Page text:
Sam Seely

Plus minus

Last month I heard Slack’s Noah Weiss speak at a First Round Capital event here in NYC.

When I first started in product, Weiss’s reading list was my north star. I spent my first month as a PM pouring through its articles, writing down everything I learned along the way. It’s still the first resource I point people to when they tell me they’re interested in product management.

At the event, Weiss told his story and sprinkled in a few do’s and don’ts throughout. The advice that stuck with me most was a sports analogy: “+/-”.

+/-, or plus-minus, is a statistic that measures a player’s impact on a game. If your plus-minus rating is positive, your team scores more points than its opponent when you’re in the game. When your plus-minus rating is negative, bad things.

Why do sports statisticians track plus-minus? Because it helps show the intangibles, it shows which players make their teams better.

Basketball player Shane Battier, who earned his own write-up in the Times on account of his stellar plus-minus rating, is a good example. By any conventional measure—points, assists, steals—Battier lagged behind others in the league. He was regarded as a “marginal athlete at best.” But a trend emerged. In spite of Battier’s box score reputation, his team won more when he played.

“Here we have a basketball mystery: a player is widely regarded inside the N.B.A. as, at best, a replaceable cog in a machine driven by superstars. And yet every team he has ever played on has acquired some magical ability to win.”

“A magical ability to win.” But why Battier? Because, despite his shortcomings, he brought an intelligence and a hustle to the game that showed up in his plus-minus rating, even if it didn’t show up in the stats we talk about most—shooting percentage, assists, steals. The example of Shane Battier isn’t meant to de-value these traditional statistics (the top of the all-time plus-minus leaderboard is full of players we’d normally associate with great box score stats) but instead to show that there are other, less visible elements of the game that contribute to winning.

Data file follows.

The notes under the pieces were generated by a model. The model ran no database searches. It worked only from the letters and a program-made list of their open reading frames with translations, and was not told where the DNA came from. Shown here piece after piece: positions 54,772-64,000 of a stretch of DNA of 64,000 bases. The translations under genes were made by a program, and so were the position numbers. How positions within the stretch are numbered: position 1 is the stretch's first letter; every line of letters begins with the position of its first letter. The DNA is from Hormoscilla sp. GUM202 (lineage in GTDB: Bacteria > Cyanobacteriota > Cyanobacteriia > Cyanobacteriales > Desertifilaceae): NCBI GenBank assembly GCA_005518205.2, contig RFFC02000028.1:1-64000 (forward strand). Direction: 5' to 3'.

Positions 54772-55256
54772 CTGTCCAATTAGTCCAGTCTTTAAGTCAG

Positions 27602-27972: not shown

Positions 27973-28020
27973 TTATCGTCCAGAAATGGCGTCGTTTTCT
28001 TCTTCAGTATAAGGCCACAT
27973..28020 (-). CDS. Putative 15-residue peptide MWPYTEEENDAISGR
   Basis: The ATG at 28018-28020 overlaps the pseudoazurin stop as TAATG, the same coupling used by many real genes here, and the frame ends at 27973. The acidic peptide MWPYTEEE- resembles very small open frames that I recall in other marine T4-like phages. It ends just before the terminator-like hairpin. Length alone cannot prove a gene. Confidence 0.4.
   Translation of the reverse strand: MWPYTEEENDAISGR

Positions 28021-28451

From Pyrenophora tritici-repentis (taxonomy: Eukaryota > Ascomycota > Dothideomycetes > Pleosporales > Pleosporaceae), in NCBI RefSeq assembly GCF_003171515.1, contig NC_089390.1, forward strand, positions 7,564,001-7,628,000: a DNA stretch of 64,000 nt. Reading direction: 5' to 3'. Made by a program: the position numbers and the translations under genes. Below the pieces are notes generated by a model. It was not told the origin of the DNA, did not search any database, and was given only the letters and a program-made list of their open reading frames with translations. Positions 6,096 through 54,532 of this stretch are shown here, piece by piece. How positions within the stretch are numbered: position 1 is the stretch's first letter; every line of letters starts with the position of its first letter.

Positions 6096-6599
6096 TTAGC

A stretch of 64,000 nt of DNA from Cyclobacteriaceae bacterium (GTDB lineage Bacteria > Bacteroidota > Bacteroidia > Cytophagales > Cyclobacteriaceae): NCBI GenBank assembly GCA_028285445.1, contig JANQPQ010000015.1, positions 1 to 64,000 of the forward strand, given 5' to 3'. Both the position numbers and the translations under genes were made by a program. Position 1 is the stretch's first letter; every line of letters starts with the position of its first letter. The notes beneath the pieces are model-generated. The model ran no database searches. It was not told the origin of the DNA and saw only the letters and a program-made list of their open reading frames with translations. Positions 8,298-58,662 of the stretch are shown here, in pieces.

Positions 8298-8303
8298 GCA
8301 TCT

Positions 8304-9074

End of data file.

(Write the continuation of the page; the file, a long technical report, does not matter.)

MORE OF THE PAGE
Let’s tie it back to product management. When you first start out as a product manager, with that bountiful range of responsibilities in front of you, it’s natural to gravitate towards those that help you stand out, to the parts of the role you’ve spent months reading about. Market research, feature definition, prototyping. You want to pull up from beyond the arc and toss up a deep three, that game-changing silver bullet of a feature that’s going to define your legacy.

The more time you spend in product, the more you realize that as important as the big ideas are (and they are important, just like points and assists are important in basketball,) it’s the work you do to make the team better that matters most. What can you do as a PM to make design, engineering, marketing, services, and others, more successful? What can you do to give your company a “magical ability to win”?

This is the great insight of Andy Grove’s High Output Management, that a manager’s output is measured not by what they produce in a vacuum, but by what his or her entire team (and the teams within his or her sphere of influence) accomplishes.

Sometimes that’s the game winner from deep, other times it’s QA, documentation, removing blockers for engineering, thinking through the details of a piece of UX. In my own experience as a PM, it’s helped a lot to keep these other focuses in mind, the ones that only show up on plus-minus, even when I’m stewing on some larger product theme.